Habitat loss is probably the greatest threat to the variety of life on this planet today. As human population growth continues to expand at an alarming rate, the number of resources available become even more scarce, leading us to clear up forests for the expansion of agricultural land, harvesting of timber, the growth of cities and infrastructure like oil pipelines.
Around half of the world’s original forests have disappeared, and they are still being removed at a rate 10x higher than any possible level of regrowth, making it even harder for wildlife to repopulate as most of their lives are spent looking for fresh pasture and water in far off lands & escaping the dangers that come in their way, i.e, human population.
The Lewa Wildlife Conservancy, home to the Safaricom Marathon, has not only been a major beneficiary of marathon funding over the 20 years the marathon has been held, but has also been at the forefront at steering important conservation efforts not just in the country but around the continent.
I sit down with David Kimiti, Head of Research and Monitoring at The Lewa Wildlife Conservancy who has been in this position for close to 2 years now to tell us more about how poaching isn’t the greatest threat to wildlife, but we can do something to save their habitats:
What exactly does your work entail?
I co-ordinate the activities of the research and monitoring department which is tasked by the management of the Lewa Conservancy to provide actionable information about conservation decisions.
We also collect data on wildlife conservation and interaction and use our best knowledge to interpret those relationships. We’re also keen to monitor any problems that need management focus, bring them to management’s attention and take the necessary actions in the best interest of the ecosystem
How does your work intertwine with conservation education?
We provide the information that’s necessary for conservation education section to pass down to the public, and we do this in the simplest language possible. From numbers to relationships to interactions, we put this data in a way that children, students in tertiary institutions and even the older generation can understand and use to help us in the conservation journey.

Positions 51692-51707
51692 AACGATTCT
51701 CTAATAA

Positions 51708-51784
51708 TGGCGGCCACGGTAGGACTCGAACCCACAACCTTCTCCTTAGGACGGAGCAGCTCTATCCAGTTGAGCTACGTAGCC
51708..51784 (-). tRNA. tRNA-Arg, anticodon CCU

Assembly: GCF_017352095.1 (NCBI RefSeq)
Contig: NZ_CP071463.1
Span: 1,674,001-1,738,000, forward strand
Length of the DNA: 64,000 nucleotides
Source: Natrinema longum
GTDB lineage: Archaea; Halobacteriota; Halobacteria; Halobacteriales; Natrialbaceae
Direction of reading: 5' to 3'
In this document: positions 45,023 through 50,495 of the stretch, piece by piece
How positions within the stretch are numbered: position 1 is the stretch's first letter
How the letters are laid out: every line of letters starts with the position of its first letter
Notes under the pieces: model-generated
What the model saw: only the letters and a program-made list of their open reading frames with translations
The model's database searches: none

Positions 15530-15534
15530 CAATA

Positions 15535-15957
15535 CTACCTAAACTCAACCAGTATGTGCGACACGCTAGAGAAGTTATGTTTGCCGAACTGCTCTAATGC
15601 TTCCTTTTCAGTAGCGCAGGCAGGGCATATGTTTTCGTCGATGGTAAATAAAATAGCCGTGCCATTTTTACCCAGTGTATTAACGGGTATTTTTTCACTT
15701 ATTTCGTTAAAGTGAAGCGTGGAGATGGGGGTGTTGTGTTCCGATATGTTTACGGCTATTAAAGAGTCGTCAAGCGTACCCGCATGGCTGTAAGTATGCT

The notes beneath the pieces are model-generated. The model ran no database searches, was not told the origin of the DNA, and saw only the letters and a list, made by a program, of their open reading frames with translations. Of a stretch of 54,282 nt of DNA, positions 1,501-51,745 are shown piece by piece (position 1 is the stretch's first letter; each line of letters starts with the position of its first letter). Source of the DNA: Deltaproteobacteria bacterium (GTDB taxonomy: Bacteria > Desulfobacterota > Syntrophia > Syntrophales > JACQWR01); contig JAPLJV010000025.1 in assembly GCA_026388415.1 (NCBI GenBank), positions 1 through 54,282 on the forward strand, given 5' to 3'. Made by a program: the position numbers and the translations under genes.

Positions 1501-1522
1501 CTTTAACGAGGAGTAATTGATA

In last year’s Impact Report, you talked about why understanding ecosystem scale ecological interactions is a necessity for endangered species conservation. Please expound more on this
The focus of conservation has very often been on site specific species and that’s well and good for the survival of the species in a particular area but when you look at the population of that species nationally or globally, we have to think of their conservation from a national perspective.
For example, the rhinos in Lewa are affected by animals coming through from other ecosystems. If we want those animals coming from other ecosystems to survive, we have to think of grassland management and rangeland management all the way up in Samburu, Marsabit and other landscapes which are interconnected. It doesn’t really help if we conserve one portion of the ecosystem and let the rest of the ecosystem degrade. For us to be successful, we need the rest of the landscape to be successful as well.
What part can we play in helping to optimize these habitats?
In terms of optimizing habitats, the thing I personally like focusing on is habitat health. You could have all the wildlife you want in a habitat but if their food, water and cover isn’t available then you wont have a healthy ecosystem. If you look at the population of carnivores, especially lions, their population isn’t as greatly compromised because of human-wildlife conflict as it is by habitat degradation. If herbivores don’t have enough food, they move to other habitats to get this pasture. A result of this is either death of the herbivores due to the long distances covered or less population in the habitat the lion is used to. This in turn leads to lions moving as far to get their food or encroaching on human habitats to prey on cattle which leads to their death. We need all these animals balancing out for an ecosystem to be healthy.
So conservation is more than just protecting rhinos and other endangered species?
Most definitely. I think we’ve done a de-service to the term conservation because we immediately jump to charismatic wildlife, national parks and so forth. Conservation is a much more holistic school of thought because all parts of the ecosystem are being taken into consideration, including those we might deem insignificant like ants or rats.
Conservation starts with the simple things, like making sure we recycle plastic to making sure we don’t waste water to planting perennial grass that these wildlife can consume especially during the drought period.
What are some of the methods or modes of technology you use at Lewa to collect this information?
We use this monitoring tool called SMART through which were able to collect information on animal distribution, wildlife numbers, where they are and even how they eat. This information is then collected by scouts on the ground via simple android phones and this is able to be plugged directly into our research platfroms where we then visualize it, map it & assess it.
What part has the Safaricom Marathon been able to play in the conservation conversation?
It would be hard for me to pinpoint exactly how the Safaricom Marathon has been beneficial to us since its played very many roles and worn many hats in terms of fostering conservation efforts.
From helping us in engaging the community on how they can play their role, to influencing young minds on attitudes, knowledge, and behaviour about wildlife and wild places to the help they’ve helped put in in our research, the Safaricom Marathon has been more than instrumental in this walk with us.